“Extend and Pretend” forevermore.
This is the transcript of my podcast last Sunday, THE WOLF STREET REPORT. You can listen to it on YouTube, and you can find it on Apple Podcasts, Spotify, Stitcher, Google Podcasts, iHeart Radio, and others.
Until a few months ago, most Americans didn’t even know what “forbearance” was. Now, roughly four million home mortgages, or about 8% of all home mortgages, are in forbearance. Those four million households with mortgages in forbearance might still not fully understand what forbearance is, but they know one thing: They don’t have to make mortgage payments for a while, and they get to spend that money on other things instead of sending it to the bank.
There are forbearance deals offered by lenders for credit cards and auto loans. I don’t owe any balances on my credit cards and I don’t have an auto loan, but my inbox gets blasted with offers of forbearance anyway, by every bank I do business with.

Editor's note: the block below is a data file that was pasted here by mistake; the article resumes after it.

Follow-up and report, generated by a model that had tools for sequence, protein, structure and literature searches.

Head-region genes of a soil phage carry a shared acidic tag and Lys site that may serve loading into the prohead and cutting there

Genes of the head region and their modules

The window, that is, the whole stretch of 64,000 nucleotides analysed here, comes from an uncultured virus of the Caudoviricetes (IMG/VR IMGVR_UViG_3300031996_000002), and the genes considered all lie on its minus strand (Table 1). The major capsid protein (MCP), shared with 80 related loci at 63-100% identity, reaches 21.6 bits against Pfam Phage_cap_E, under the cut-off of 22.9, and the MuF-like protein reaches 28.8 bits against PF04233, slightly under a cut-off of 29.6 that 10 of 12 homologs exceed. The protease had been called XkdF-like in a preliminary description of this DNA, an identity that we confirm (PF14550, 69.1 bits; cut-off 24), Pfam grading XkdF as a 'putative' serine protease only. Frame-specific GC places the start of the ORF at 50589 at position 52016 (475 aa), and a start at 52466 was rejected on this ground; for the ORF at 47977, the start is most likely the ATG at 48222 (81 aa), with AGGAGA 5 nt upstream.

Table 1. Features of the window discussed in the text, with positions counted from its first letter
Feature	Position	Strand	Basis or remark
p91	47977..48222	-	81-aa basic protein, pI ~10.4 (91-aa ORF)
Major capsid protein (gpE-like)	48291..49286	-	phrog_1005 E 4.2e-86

My WOLF STREET media mogul empire too. It’s just a tiny business, and it doesn’t owe any money, but sure enough, my bank is offering “assistance” with those debts that my business doesn’t have.
When a lender agrees to grant the borrower forbearance, the lender agrees to not exercise its rights when the borrower doesn’t make the loan payments. There is an agreement both parties sign, and this forbearance agreement determines, among other things, the period of forbearance, and what happens afterwards. And afterwards those missed payments will have to be made up somehow. Forbearance is not forgiveness.
But a forbearance agreement can be extended, if both parties agree to do so. In banker’s lingo, it’s called “extend and pretend.”
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